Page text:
Saturday, February 25, 2006

*On Political Forum and Lax Values"

Dang, I wasn't identified by name or even by faculty. Instead I was one of the 2 students who were dismayed at the administration's handling of the fee hike issue.

Actually, that wasn't even my point or my questions.

Here's what (sorta) happened. A PS student (he was identified in the report) asked why the WP wanted to abolish the EP because hey the opposition could go after the position yada yada. I don't think he read the Republic of Singapore Constitution because um, you need to disassociate yourself with any political party as per article 19(2). Yes, it is at the date of his nomination and yes, you can't escape from the fact that the qualifications also require you to have some ties with the ruling party. But that's more a matter of implementation and reform than for the abolishing of the EP.

So that was actually my second question i.e. given the weakness of the ballot box as an external political check (what about the inter election years), the weakness of the westminster system (fused executive/legislature) and the EP fulfilling a number of functions (anti-corruption, protector of our fundamental liberties, ensuring the integrity of the civil service), why not simply reform the system.? If you were wondering, I didn't get much of an answer out of Mr. Gomez who argues that there are other channels (very PAP answer if you ask me)

BUt back to the first question I posed. It wasn't simply about the mishandling of the fee hike issue by the administration. It was in response to the exhortations of the panelist for greater participation in politics etc. So the question I posed was more along the lines of why the heck are we then ignoring what is essentially a democratically elected student representative body? Even granting that they are suppose to represent the student clubs, the fact remains that individual faculties have faculty clubs and people do vote for their NUSSU representatives. I should know because I ran and lost. =P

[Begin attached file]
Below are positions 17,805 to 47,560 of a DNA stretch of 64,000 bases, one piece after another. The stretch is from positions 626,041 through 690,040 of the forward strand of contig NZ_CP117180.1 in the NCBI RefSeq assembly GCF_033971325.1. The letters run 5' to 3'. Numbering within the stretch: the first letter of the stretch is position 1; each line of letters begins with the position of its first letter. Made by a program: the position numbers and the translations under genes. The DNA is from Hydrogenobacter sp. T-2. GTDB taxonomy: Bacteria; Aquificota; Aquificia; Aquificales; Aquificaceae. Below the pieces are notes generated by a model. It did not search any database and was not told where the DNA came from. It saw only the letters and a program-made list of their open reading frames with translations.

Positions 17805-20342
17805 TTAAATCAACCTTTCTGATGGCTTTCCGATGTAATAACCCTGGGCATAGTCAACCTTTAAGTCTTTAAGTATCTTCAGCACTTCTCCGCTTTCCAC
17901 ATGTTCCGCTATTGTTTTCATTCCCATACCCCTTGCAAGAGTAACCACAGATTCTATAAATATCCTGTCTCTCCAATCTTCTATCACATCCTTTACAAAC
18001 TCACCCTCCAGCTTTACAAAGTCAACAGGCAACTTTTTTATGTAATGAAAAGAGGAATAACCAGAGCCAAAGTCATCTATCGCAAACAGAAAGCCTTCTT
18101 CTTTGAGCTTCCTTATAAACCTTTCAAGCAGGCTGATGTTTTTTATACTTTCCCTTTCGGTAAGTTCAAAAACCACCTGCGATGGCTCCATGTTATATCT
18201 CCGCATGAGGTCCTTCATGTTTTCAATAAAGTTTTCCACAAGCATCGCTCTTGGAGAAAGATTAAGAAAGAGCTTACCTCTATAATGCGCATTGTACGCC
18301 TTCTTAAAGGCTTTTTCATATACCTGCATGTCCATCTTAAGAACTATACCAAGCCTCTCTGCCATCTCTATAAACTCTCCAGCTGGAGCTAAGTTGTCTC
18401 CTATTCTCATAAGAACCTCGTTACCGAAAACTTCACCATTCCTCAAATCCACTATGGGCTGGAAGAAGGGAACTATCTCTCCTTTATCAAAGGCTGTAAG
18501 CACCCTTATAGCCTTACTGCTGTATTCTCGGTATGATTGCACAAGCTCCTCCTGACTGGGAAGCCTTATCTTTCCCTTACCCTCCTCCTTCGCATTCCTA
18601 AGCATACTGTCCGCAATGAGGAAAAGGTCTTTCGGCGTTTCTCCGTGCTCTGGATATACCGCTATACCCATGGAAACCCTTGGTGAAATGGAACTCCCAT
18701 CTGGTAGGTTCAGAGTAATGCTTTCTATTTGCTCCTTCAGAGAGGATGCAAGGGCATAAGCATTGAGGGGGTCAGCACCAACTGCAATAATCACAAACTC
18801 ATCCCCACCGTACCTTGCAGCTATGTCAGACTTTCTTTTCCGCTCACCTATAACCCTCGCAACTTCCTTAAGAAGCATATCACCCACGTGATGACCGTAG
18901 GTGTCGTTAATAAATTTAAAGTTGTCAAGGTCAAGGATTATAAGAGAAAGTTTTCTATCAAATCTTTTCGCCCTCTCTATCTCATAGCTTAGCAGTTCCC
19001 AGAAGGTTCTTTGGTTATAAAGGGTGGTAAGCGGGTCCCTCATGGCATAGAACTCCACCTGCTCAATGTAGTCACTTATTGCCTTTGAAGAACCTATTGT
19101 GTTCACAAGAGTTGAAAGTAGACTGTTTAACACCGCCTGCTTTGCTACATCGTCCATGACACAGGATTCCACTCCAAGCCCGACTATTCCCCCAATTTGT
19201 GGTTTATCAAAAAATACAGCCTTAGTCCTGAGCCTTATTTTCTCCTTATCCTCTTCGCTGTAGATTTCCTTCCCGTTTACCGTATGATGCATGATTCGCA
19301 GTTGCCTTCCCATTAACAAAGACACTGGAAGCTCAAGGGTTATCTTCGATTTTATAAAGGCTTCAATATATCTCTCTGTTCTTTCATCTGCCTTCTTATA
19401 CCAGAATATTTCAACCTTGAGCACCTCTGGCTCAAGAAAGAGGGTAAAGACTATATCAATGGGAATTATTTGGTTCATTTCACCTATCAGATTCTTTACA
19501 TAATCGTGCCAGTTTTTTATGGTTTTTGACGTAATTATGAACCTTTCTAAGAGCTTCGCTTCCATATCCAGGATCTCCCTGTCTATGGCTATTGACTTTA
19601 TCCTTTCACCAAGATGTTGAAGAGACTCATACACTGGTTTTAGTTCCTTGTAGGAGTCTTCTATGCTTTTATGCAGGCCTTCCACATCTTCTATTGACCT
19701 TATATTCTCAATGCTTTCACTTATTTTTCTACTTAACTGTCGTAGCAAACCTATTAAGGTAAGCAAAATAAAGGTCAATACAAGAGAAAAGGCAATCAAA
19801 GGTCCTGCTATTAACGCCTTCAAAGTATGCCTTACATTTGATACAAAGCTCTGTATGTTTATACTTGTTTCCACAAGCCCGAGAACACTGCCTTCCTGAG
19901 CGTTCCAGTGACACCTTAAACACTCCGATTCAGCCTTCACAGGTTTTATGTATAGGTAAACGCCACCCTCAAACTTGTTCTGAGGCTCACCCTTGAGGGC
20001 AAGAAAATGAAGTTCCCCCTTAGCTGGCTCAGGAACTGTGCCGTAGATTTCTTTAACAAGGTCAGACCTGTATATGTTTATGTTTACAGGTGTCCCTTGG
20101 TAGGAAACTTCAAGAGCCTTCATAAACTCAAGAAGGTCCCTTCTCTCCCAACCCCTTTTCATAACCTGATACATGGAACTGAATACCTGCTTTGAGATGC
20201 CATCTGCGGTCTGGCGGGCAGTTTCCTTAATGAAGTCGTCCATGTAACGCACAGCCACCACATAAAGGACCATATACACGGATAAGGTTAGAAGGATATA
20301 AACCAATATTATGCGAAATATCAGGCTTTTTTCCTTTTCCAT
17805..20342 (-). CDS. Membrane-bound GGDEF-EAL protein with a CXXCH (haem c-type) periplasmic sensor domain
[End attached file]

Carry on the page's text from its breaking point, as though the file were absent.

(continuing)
So putting that aside, let's turn instead to an issue that's dear to my heart, sex education, values and morality. So here's a rather amusing letter from Ms. Lynn Chong Fui Lan, "Sex video: what's wrong with youths?" I was lucky that I wasn't drinking anything at that time anyway. I was going to give the usual snarky response when I figured that with a little work there was a deeper argument to be made.

Other than the obvious non-sequitors and religious chuvanism, here's the one single issue that bears more commentary.

My five-year old son is able to argue with me issues I find difficult. He said exactly the same things: "I have done nothing wrong. Everyone does it."

I tell him that even if the whole rude, he does not have to be. As a Christian, I refer to the Ten Commandments and prick the conscience, mine and his, and explore what is right and wrong.

Outwitted by a 5 year old? Heh. But seriously, reasoning with a very young kids is next to impossible and if ever I had a child, I fear I might end up doing the same thing although I hope not to.

So why not we put this into a proper context and ask the real issue: are societal practices moral?

I think both the letter writer and I agree that society is no final arbiter of morality (though they could make things very dicey for you if their notion of morality is law). This is what is commonly termed positive moralty or ethos, the ethics of a particular society. So the question then becomes, how do we decide whether a particular practice is good or bad. And that's really where 'critical morality' comes in, the Morality we use to criticise and evaluate positive morality.

In Ms. Lynn Chong's case, she refers to the Bible. Although I have to wonder where in the Bible does it say the Abrahamic God forbids pre-martital sex or the taping of it. Especially in the 10 Commandments mind you. The difficulty of this approach is that it relies on the existance of the particular god and the bible as being divinely inspired by that god. So in effect it says it is wrong because my god said so. Which effectively means that if I don't subscribe to your religion, it means nothing to me. Especially if my religion says otherwise.

This is where I should dovetail into a discussion of utilitarianism and consequentialist morality and the difference between act-utilitarianism and rule utilitarianism but I still have an assignment due. So I'm just going to point you here, an earlier essay I wrote. Have fun reading =P


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